Dear All (above). Those of you who know, will know who I am. I'm the guy who marketed the ADE 650 (in he beginning) and in particualar with several departments in the Middle East (as well as elsewhere). You all have valid comments and concerns but despite all these (and in particular I am referring to the 'negative' dialogue) there are still, several Companies manufacturing and promoting their version of these "be aware of....swinging-antenna detectors". As a manufacturer myself, I too became skeptical of 'certain' other-manufactures equipments and therefore, made a point of testing them myself. To my surprise, they ALL actually work but, there are some serious concerns as to how they work and why it is that they 'appear' to work for some people, and not for others. Well, I am pleased to say that I now know the reasons. Unfortunately, there is not sufficient time, or space, to explain why such systems come under continued criticism but, from what I have observed, there are valid and explainable differences between the eqipmments offered. Government and Independent 'testing-authorities' have done evaluations on some of these but, sadly, the testing methods they have used and applied to these type of equipments, will NOT work under the conditions they have applied. For example, a "double-blind" test is OK in principal but, in practice, it will fail such devices in nearly all cases.....why? well again, I haven't the time or space to fully explain but having done my own independent tests, they will not function correctly under that current 'test-method'. So, how does it work then? (I hear you all cry out), well, if I told you that, I'd be shooting myself in the foot (so to speak) and open up a whole new avenue for our Chinese friends to copy and produce their own variant. So, at this time, I will not let the 'cat' out of the bag too much....(rest-easy you 'other manufacturers')...and will instead, carry-on improving my own version with the continued success it has been awarded. One thing I would say though is; it does require training and unless you can provide the very best support for the product you will, sadly, have continued debates and "Expert" advice from those 'reputed scientists, (and the like), categorically refuting any possibility that any of these 'gadgets' can actually work. OK, you may say that this is another attempt to 'pull the wool over evryones eyes' but like every new concept, there's a period (sometimes long-period) where there is always an "Expert" who knows best and I do not doubt that they have their valid point and opinion but, instead of trying to refute this technology, (and that is what it is, it's not 'mumbo-jimbo'), why don't you offer your assistance? Why?, well could it have anything to do with the 'Big Manufacturers' of Vapor Tracer Technology products putting pressure on their respective Govenments to stop the 'little-guys' gaining any ground on 'their-turf'?....hummmm..............Anyway, and as a final comment: Don't 'knockabout' what you don't know about.....take the time to learn....afterall, why is it that there are 100's, (if not possibly combined, 1000's), of very happy users out there?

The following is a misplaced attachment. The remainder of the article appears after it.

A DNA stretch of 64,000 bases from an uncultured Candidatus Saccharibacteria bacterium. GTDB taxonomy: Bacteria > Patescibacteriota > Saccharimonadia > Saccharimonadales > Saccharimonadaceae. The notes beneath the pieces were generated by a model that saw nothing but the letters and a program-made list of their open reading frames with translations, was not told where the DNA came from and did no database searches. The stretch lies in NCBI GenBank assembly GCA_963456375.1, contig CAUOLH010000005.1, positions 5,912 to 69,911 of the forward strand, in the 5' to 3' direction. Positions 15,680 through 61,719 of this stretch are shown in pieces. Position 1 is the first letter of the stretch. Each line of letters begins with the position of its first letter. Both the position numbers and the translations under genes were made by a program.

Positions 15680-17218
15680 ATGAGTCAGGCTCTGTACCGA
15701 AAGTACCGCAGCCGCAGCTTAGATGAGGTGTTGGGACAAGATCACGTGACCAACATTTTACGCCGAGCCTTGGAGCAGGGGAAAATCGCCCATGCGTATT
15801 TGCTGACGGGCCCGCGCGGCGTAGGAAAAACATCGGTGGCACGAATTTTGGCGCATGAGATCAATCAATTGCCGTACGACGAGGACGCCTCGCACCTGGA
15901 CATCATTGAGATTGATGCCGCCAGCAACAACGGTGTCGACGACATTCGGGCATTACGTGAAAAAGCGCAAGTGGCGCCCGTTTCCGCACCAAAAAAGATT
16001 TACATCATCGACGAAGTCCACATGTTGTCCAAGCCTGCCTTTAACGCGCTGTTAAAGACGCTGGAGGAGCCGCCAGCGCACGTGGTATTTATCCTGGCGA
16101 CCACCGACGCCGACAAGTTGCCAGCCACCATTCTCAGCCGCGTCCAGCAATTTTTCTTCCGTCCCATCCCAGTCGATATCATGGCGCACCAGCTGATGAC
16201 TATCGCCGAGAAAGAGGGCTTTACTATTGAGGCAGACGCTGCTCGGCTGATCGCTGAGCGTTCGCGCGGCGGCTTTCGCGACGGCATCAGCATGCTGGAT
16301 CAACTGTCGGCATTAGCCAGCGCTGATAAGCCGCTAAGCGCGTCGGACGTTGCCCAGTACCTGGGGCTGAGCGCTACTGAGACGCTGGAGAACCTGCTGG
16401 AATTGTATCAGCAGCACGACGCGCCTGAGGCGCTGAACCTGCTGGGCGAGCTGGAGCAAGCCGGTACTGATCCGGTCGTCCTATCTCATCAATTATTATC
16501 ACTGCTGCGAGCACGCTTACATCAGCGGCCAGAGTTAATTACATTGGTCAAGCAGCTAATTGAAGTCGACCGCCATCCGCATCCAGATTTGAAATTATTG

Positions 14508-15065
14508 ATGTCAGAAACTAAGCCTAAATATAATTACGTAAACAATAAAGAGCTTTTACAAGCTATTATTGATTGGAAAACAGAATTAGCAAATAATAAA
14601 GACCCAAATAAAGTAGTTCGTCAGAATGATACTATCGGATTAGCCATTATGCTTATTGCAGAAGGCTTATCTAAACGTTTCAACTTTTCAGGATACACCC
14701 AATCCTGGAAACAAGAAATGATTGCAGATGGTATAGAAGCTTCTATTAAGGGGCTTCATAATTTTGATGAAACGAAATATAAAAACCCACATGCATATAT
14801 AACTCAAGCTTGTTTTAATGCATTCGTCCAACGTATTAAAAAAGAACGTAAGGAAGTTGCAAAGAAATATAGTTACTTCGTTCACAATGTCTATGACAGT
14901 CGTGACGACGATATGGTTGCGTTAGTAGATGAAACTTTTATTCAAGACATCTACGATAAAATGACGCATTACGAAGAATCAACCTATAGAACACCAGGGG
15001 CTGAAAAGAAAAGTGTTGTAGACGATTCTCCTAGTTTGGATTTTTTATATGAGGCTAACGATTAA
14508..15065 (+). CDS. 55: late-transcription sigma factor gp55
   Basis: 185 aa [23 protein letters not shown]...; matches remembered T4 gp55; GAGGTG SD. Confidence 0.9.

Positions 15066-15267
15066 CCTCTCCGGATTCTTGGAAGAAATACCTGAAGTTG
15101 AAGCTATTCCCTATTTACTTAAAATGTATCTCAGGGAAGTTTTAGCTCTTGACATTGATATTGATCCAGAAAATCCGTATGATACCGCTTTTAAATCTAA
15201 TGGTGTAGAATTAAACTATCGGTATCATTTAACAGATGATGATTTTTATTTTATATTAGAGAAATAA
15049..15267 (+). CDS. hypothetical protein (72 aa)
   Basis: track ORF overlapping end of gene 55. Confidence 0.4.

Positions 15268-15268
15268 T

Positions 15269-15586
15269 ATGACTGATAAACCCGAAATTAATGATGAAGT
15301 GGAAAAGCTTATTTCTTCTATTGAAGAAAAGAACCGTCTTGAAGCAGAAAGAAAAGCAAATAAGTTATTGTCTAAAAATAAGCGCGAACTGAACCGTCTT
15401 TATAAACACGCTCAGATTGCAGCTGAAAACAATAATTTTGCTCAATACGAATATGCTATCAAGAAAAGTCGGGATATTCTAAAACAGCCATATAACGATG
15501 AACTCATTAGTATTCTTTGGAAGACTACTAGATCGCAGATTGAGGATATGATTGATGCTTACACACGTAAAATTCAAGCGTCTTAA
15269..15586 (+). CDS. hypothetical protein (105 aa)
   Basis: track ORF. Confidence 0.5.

A renown French scientist; Prof. Edmund Locard; a 'pioneer' of forensic science, died in 1966 and was considered by some as a 'Quack', but was recognised for his efforts into what we now know as "DNA" which, until the early 1980's was a 'technology' that could not "possibly work"...........as the Eminent philosopher Confucius would say; "Man who goes to bed with sex on mind......will wake up with solution in-hand"........without a doubt, this debate will go on........
Posted by: MrJim at September 6, 2007 10:47 PM
There are so many logical fallacies in that argument it would take a while to refute them all. Straw men, conspiracies, a special technology untestable by double-blind studies and not understood by scientists. You name it, it's in there. If I recall correctly, the Quadro Tracker said they were photocopying the photos of cocaine onto black paper so the Russians (or some other scary foreign country) could not reverse engineer the technology if they opened the device and found the piece of paper used to tell the tracker what to look for. Now we have to watch out for the Chinese.

Ironically, most of those same arguments were already shot down in the National Institute of Justice report from 8 years ago that was mentioned previously several times in the same thread.
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Old 9th September 2007, 08:05 AM   #33
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Originally Posted by Moochie View Post
Sorry!
Hmmm.... This is a dousing rod right? Anyway, the army fell for the same stupidity too. There was a special on woo woo therapies that had James Randi. They described the armies involvement. Anyway, if I were setting up for a sniffex study I'd point the device at the salesman and call the bomb squad.